2. What’s the first thing you check when evaluating the use of a new API?
  3. What’s the first thing you do when developing a new API?
  4. Do you approach developing APIs internally differently to one for the public?
  5. How do you make an API foolproof?
  6. How much structure should an API have? Does it need a contract? (see SOAP vs REST)
  7. How should you change an API?
  8. How should you retire an API?
  9. Which stakeholders need input to API upgrades and changes, and how do you engage them?
  10. How do you keep an API consistent if you grow it via tests?
  11. Do bug fixes necessitate a new version?
  12. How do you isolate your application from an insecure API?
  13. How do you isolate your application from an unreliable API?

CodeCraftConf : call for guides

The CodeCraftConf call for guides is open, and I’d recommend either applying to be a guide or buying a ticket to attend. Last year’s CodeCraftConf was a great event, and I learned a lot.

For those of you unfamiliar with the guided conversations format, the conference website has a good write-up, but it’s a way to keep the conversation going by injecting new questions and riffing of old ones, to give everyone a chance to contribute.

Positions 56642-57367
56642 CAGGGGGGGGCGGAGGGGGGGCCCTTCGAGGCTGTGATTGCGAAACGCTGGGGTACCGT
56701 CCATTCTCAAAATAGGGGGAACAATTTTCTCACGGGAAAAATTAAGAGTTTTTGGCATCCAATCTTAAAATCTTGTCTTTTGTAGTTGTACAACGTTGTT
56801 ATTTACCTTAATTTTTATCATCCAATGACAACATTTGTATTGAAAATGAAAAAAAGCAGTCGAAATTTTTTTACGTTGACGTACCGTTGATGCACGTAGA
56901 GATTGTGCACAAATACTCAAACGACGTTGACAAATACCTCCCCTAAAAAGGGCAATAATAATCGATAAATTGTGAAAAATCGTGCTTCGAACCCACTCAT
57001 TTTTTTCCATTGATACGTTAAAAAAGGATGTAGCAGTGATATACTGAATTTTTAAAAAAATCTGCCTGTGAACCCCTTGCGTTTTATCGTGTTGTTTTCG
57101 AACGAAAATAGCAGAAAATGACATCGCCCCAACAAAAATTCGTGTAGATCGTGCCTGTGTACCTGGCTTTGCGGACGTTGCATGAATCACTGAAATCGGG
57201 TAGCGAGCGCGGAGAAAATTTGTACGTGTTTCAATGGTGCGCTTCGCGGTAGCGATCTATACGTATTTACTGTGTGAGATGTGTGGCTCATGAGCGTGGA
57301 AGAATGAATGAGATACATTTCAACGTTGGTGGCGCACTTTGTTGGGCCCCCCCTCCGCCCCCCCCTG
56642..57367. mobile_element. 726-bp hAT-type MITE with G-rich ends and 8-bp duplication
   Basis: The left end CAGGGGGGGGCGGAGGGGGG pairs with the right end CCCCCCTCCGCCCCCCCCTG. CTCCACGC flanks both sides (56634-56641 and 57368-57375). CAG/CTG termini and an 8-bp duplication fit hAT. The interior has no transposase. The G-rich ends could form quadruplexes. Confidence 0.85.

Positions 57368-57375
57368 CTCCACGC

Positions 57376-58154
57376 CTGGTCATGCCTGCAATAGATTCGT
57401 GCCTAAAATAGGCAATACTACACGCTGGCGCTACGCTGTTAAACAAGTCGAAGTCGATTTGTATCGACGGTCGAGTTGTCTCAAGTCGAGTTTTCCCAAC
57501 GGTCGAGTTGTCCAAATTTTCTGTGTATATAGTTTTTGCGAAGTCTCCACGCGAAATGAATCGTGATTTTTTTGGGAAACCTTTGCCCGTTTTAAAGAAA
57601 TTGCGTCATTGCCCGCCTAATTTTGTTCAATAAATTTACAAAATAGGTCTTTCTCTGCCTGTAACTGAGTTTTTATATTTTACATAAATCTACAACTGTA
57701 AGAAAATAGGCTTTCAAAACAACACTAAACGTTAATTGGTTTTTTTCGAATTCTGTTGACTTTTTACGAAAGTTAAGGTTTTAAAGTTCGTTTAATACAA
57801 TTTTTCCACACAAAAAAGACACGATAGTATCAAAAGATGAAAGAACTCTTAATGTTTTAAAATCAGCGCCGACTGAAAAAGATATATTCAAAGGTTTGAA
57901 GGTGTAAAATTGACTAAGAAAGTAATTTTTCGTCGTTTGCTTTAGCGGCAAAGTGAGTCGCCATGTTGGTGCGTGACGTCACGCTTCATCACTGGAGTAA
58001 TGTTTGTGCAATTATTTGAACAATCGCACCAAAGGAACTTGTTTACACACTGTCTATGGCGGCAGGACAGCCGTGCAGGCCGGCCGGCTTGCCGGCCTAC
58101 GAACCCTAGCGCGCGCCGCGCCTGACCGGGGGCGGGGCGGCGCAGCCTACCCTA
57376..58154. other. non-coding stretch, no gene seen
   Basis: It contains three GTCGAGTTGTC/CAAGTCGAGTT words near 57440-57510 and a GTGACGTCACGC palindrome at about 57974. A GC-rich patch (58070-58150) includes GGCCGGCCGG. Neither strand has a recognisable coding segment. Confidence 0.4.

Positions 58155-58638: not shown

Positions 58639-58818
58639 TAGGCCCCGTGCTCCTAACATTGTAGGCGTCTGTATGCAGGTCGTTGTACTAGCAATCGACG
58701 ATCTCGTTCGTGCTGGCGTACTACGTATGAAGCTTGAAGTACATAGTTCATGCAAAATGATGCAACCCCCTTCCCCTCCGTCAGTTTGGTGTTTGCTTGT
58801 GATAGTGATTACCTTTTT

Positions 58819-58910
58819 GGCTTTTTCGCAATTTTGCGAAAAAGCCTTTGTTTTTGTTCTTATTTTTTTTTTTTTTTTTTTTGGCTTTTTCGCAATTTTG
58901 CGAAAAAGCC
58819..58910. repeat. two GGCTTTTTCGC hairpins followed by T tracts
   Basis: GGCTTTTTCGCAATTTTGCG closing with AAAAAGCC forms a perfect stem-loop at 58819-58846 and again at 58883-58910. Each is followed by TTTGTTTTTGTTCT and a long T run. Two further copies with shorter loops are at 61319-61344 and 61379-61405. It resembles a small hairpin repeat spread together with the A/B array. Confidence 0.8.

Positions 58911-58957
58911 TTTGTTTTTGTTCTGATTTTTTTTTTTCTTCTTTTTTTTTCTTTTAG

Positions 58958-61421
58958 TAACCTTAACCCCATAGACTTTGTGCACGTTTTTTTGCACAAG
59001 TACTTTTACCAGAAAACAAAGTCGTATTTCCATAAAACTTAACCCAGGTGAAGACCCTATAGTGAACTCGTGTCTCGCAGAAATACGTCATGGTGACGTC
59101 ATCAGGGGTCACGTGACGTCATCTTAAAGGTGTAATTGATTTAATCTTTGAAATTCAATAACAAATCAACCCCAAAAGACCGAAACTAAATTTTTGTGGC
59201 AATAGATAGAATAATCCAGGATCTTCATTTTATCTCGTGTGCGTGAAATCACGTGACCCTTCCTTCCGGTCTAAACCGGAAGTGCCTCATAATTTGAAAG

If you want to be a good guide, be sure to share the conversation, and not let one or two individuals control it, especially if they’re in conflict.

If you want to apply, and you’re not sure what sort of questions to ask, have a look at my list from last year, and my write-up of the answers.

I hope to see you there.

code development programming

Your API sucks : foolish inconsistency

There are many ways that an API can be inconsistent. Different methods can follow different conventions, one method may have different results, or maybe a change introduces inconsistency between versions.

Spatial Inconsistency

When calling 2 different methods in what appear to be related domains require 2 very different calls and get 2 very different results.

GET /cat

{ Name : “Garfield” }

GET /food/index.php/fooditem/1


Random Inconsistency

When calling the same method multiple times can lead to a result with a significantly different format.

GET /cat

{ Name : “Garfield” }

GET /cat

{ Name : “Jatt” }

GET /cat

{ Name : “Lion-o” }

GET /cat


Temporal Inconsistency

When versioning an API breaks existing clients without warning. Speak to Seb Lambla if you want to do it without versioning, or Troy Hunt if you want to version it right, in all the wrong ways.



  API-version: “v1.1”
  Search-type: “postcode-lookup”
  Input: “EH28 8PL”